2. Instruct the students to select information that will be used for one story idea and begin drawing a rough sketch or a rough draft of their narrative cartoon. At this point students may need to return to the Water in Africa website
to collect or refine information they've recorded.
3. Students must address the following points while creating their rough sketch.
Determine how the narrative cartoon will be told.
Determine placement of words in relation to pictures.
Determine if wording is necessary. If so, determine the type of wording (dialogue, thoughts, narration, commentary).
Panels are the individual cels or boxes that contain each image of the sequence. Determine how many panels will be needed and the size of panels.
Reminder: The narrative cartoon may contain a series of pictures highlighting a specific topic, or the cartoon may compare several topics.
1. Monitor students as they begin drawing the final copy of their narrative cartoon, using the rough sketch as a guide.
2. Instruct the students to first draw the outside borders of each panel, including a title panel. Panels may all be the same size or they may vary in size, however the number of panels drawn should fill the entire 8.5"x 11" paper.
3. After the panels have been drawn, have students begin drawing their narrative cartoons inside each panel.
Day 6 Until Complete
The last step in completing the narrative cartoon is to ink the pencil drawing. Tell students they should consider the following points when inking:
- The ink and dip pen is used for inking only the lines.
A fine tip marker is used to write the text.
After lines are inked, use ink and dip pen for adding patterns and shadows to give more depth and texture to each panel.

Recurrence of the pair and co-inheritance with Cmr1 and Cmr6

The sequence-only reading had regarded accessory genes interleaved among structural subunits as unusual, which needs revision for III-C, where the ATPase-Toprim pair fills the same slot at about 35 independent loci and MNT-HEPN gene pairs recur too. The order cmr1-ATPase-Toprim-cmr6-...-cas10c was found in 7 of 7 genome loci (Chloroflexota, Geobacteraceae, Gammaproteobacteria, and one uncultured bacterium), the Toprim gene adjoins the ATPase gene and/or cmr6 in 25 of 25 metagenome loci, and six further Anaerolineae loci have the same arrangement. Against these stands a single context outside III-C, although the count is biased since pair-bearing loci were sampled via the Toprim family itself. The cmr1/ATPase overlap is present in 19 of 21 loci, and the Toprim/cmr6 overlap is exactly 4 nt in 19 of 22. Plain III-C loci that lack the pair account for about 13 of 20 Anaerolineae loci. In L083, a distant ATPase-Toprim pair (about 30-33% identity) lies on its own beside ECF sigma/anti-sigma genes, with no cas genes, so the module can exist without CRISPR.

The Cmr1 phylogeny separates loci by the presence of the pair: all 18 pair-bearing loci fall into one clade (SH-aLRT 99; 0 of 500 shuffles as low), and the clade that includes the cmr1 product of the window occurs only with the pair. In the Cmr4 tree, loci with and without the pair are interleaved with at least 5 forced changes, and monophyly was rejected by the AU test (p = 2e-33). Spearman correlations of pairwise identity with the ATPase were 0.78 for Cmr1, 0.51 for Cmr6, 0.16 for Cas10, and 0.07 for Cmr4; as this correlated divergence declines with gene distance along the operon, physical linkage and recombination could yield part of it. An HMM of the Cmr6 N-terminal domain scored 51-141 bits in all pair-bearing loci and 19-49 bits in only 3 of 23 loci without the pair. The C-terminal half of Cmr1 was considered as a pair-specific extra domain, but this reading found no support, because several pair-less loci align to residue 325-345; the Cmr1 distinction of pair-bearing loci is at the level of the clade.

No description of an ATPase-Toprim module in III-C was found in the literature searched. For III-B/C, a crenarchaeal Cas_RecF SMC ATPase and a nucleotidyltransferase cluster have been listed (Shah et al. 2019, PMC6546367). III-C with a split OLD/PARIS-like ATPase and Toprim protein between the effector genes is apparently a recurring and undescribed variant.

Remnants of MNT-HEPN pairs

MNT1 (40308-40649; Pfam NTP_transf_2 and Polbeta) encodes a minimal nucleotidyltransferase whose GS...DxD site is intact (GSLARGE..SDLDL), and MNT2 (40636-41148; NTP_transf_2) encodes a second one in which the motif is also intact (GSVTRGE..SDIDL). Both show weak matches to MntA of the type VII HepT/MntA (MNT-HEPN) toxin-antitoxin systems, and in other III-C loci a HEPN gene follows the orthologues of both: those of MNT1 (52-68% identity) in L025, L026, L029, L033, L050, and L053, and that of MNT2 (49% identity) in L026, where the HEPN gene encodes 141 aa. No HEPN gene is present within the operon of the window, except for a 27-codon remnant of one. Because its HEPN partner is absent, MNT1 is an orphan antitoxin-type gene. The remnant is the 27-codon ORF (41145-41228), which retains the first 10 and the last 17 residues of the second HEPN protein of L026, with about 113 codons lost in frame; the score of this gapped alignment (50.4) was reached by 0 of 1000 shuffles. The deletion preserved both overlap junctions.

- Consider the entire page as a composition.
- Use correction fluid to make changes.
1. Have students complete peer evaluations by writing about the content of a classmate's narrative cartoon. To do this, have the students exchange cartoons. Then each student reads the narrative cartoon and completes the questions on the Narrative Comparison Chart (PDF or RTF) that was used at the beginning of the lesson.
2.. Using the information collected from the handout, have the students write responses to the essential questions. Students may share responses as a class or in small groups.
3. Use the Evaluation Rubric for Narrative Cartoons (PDF or RTF) to evaluate individual students' work.
Capacchione, Lucia. The Creative Journal for Children. Boston: Shambhala, 1989.
McCloud, Scott. Understanding Comics. New York: Kitchen Sink Press, 1994.
Spiegelman, Art. Maus: A Survivor's Tale. New York: Random House, 1986. (This two-volume story is based on the author's father's experience as a concentration camp survivor and is an excellent example of a narrative cartoon.)
About the Author
David McKoski teaches art and Chinese at Roberto Clemente Community Academy in Chicago. He served as a Peace Corps Volunteer in the Philippines from 1985 to 1987 and is a Peace Corps Fellows graduate from DePaul University's Urban Teacher Corps.